CCDO Code * Occupation Group Number of cases Number of workers employed Hazard Ratio (95% CI) †
11 Managerial, administrative
and related
230 11,286 1.04 (0.91, 1.19)
21 Natural sciences, engineering
and mathematics
109 7,012 0.95 (0.79, 1.15)
23 Social sciences and
related fields
235 9,842 1.09 (0.96, 1.24)
25 Religion <5 37
27 Teaching and related 390 16,336 1.08 (0.97, 1.19)
31 Medicine and health 811 38,351 0.91 (0.84, 0.98)
33 Artistic, literary,
recreational and related
115 4,921 1.27 (1.05, 1.52)
41 Clerical and related 962 44,187 1.13 (1.06, 1.21)
51 Sales 827 45,289 0.95 (0.88, 1.02)
61 Service 1,693 88,268 1.01 (0.96, 1.07)
71 Farming, horticultural
and animal husbandry
145 11,255 0.79 (0.67, 0.93)
73 Fishing, hunting,
trapping and related
<5 100
75 Forestry and logging 6 1,103 0.37 (0.17, 0.83)
77 Mining and quarrying,
including oil and gas field
22 1,755 0.91 (0.60, 1.39)
81 Processing
(mineral, metal, chemical)
205 13,002 0.97 (0.85, 1.12)
82 Processing
(food, wood, textile)
370 19,362 1.09 (0.99, 1.21)
83 Machining and related 410 28,820 0.97 (0.87, 1.07)
85 Product fabricating,
assembling and repairing
817 52,735 1.00 (0.93, 1.07)
87 Construction trades 549 45,567 0.86 (0.79, 0.94)
91 Transport equipment
operating
539 37,171 0.99 (0.91, 1.08)
93 Materials handling and related,
not elsewhere classified
391 23,400 1.09 (0.98, 1.20)
95 Other crafts and
equipment operating
52 3,403 0.96 (0.73, 1.26)
99 Other occupations not elsewhere classified 535 33,715 1.00 (0.91, 1.09)
* CCDO: Canadian Classification Dictionary of Occupations (1971)
† Hazard rate in each group relative to all others

 

IPF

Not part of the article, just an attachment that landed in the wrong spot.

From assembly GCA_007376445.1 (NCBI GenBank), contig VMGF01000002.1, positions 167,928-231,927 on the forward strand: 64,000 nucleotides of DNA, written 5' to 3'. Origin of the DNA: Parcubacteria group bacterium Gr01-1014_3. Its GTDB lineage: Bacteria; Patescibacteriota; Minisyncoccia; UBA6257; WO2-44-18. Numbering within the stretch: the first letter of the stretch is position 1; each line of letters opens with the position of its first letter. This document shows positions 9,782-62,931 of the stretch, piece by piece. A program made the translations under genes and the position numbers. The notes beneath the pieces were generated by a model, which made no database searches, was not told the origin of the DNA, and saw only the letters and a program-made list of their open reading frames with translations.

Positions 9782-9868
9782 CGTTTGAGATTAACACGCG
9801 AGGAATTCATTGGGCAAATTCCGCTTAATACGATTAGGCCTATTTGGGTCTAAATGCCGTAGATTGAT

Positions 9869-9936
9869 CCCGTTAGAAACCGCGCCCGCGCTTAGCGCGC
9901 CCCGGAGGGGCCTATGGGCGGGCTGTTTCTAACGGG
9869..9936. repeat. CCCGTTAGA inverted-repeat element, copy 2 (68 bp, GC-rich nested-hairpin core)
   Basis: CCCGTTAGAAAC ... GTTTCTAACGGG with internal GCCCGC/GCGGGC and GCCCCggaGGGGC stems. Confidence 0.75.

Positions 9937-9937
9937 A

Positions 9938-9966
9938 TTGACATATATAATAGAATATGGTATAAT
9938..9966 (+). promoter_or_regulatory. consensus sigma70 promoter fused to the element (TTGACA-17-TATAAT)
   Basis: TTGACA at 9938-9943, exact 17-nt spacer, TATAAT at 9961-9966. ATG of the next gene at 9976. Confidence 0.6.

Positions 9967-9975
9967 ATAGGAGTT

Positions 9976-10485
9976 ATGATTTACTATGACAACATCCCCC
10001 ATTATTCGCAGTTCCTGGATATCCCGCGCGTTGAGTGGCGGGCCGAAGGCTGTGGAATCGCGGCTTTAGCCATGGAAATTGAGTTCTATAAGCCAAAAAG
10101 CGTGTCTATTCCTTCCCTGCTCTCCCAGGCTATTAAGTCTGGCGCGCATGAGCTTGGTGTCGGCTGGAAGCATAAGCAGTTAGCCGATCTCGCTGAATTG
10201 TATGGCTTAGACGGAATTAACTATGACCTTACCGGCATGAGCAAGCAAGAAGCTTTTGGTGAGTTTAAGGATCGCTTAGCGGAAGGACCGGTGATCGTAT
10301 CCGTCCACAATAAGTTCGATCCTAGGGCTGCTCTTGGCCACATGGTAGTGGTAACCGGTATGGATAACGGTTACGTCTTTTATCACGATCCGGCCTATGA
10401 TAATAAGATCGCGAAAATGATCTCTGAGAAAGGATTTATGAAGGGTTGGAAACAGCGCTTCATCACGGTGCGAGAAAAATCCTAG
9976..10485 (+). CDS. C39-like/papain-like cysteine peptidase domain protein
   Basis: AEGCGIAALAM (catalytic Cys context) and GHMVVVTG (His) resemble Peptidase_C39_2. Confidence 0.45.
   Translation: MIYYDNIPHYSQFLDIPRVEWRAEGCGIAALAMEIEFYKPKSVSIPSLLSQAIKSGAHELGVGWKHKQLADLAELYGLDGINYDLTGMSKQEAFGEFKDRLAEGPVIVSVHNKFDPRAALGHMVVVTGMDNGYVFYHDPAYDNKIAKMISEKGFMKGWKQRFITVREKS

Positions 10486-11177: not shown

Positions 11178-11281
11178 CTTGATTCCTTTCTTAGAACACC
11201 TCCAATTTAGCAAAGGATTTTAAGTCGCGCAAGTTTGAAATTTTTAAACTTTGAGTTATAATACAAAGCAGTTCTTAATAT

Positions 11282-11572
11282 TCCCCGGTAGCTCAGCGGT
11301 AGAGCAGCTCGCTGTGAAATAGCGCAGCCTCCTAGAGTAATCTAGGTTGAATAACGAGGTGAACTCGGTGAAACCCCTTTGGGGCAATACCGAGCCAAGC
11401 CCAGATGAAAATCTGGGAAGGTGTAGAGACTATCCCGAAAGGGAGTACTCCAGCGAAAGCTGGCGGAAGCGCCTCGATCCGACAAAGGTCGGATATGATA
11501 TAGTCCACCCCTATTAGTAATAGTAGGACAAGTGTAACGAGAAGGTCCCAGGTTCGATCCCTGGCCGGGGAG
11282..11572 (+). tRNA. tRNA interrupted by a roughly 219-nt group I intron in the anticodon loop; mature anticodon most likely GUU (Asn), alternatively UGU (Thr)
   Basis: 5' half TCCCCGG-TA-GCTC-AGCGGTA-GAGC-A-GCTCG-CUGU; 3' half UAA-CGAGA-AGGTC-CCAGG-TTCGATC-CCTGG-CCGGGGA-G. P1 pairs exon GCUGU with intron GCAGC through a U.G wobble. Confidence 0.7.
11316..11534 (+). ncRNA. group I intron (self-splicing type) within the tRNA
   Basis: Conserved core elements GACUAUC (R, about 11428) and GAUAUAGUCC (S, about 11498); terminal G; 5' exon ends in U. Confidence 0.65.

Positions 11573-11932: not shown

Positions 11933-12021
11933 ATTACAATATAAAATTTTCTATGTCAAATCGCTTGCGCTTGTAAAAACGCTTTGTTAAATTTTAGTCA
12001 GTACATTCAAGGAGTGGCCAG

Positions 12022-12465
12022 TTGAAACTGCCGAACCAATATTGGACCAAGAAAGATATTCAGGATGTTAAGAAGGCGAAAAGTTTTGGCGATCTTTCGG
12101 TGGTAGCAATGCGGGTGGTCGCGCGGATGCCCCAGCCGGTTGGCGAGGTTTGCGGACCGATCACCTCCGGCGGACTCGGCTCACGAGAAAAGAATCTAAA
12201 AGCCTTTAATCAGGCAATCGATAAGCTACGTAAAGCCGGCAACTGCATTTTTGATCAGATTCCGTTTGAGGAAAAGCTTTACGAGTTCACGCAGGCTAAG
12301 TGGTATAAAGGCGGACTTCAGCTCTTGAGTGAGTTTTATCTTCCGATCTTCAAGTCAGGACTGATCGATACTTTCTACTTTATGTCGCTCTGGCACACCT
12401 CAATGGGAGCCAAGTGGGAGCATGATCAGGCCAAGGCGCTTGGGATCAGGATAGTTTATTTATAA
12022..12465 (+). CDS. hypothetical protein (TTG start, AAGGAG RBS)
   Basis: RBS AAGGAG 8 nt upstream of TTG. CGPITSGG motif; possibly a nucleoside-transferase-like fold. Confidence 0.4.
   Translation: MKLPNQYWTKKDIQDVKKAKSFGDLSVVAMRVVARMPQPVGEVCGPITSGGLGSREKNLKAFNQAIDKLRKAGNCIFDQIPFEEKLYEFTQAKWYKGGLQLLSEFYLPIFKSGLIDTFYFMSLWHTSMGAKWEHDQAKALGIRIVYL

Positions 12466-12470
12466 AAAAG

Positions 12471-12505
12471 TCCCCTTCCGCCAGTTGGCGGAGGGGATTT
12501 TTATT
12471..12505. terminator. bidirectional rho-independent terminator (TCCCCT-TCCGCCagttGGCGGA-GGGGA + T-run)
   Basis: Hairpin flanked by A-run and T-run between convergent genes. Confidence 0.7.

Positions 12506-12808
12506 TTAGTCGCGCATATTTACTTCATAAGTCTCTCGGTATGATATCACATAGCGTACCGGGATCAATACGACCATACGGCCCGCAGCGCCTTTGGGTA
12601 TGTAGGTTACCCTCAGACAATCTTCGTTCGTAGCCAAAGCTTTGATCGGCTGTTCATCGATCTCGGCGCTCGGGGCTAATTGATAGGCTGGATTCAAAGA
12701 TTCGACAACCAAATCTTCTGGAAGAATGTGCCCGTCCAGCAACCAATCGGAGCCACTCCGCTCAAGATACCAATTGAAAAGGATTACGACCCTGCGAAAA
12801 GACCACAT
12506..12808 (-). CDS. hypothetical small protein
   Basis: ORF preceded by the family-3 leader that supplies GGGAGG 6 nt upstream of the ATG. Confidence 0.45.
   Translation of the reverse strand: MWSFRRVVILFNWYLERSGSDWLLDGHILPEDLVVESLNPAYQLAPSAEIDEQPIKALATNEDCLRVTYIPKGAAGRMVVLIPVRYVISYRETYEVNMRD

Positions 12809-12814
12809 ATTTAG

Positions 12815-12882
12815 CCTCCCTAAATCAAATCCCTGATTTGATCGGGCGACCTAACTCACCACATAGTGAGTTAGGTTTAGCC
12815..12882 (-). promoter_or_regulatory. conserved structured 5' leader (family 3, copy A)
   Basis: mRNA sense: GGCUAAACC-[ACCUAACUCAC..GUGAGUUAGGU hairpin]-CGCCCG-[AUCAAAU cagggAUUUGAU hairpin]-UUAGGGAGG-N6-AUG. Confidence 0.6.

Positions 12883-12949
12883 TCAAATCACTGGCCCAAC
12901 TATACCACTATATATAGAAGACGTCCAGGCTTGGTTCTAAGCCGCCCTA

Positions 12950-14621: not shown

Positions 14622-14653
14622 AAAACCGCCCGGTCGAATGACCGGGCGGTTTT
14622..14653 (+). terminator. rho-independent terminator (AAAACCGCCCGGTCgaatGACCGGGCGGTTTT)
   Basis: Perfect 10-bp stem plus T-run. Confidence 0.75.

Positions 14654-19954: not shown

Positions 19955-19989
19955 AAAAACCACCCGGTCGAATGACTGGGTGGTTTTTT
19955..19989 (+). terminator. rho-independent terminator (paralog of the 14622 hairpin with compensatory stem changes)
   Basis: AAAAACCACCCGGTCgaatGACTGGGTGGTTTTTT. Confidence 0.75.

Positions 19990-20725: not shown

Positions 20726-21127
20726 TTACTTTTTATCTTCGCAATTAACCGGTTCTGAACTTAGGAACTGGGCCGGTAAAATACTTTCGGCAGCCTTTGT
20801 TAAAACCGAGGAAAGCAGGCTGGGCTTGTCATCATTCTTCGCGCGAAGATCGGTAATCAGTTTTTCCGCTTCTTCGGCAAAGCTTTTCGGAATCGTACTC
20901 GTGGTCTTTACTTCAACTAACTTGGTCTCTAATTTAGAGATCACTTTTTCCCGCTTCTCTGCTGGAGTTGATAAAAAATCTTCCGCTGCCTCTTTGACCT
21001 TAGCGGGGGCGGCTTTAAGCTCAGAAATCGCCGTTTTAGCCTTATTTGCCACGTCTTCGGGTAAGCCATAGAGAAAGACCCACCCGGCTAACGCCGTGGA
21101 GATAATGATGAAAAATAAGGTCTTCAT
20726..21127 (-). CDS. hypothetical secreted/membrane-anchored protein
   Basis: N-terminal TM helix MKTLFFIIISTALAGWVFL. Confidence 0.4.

Background

 

Idiopathic Pulmonary Fibrosis (IPF)

What is IPF?

Idiopathic Pulmonary Fibrosis (IPF) is a fibrotic respiratory disease that scars interstitial lung tissue and reduces respiratory function. The term idiopathic is used to describe conditions of an unknown cause, but there are some established and possible risk factors for IPF. This disease is the most common fibrotic lung disease and shares a similar disease pathology as other fibrotic conditions, including silicosis and asbestosis. IPF is characterized by poor five-year survival and treatment options are limited.

Risk Factors

  • Family history of disease
  • Smoking
  • Metal dust
  • Wood dust
  • Animal dust from livestock farming

There is not yet a comprehensive understanding of the causes of IPF and more research is being directed to this lack of evidence. Metal and wood dust are possible important occupational risk factors for IPF. The ODSS project sought to understand what occupations and industries were at an increased risk of this fatal and debilitating respiratory condition.

Key Findings

Mining Sector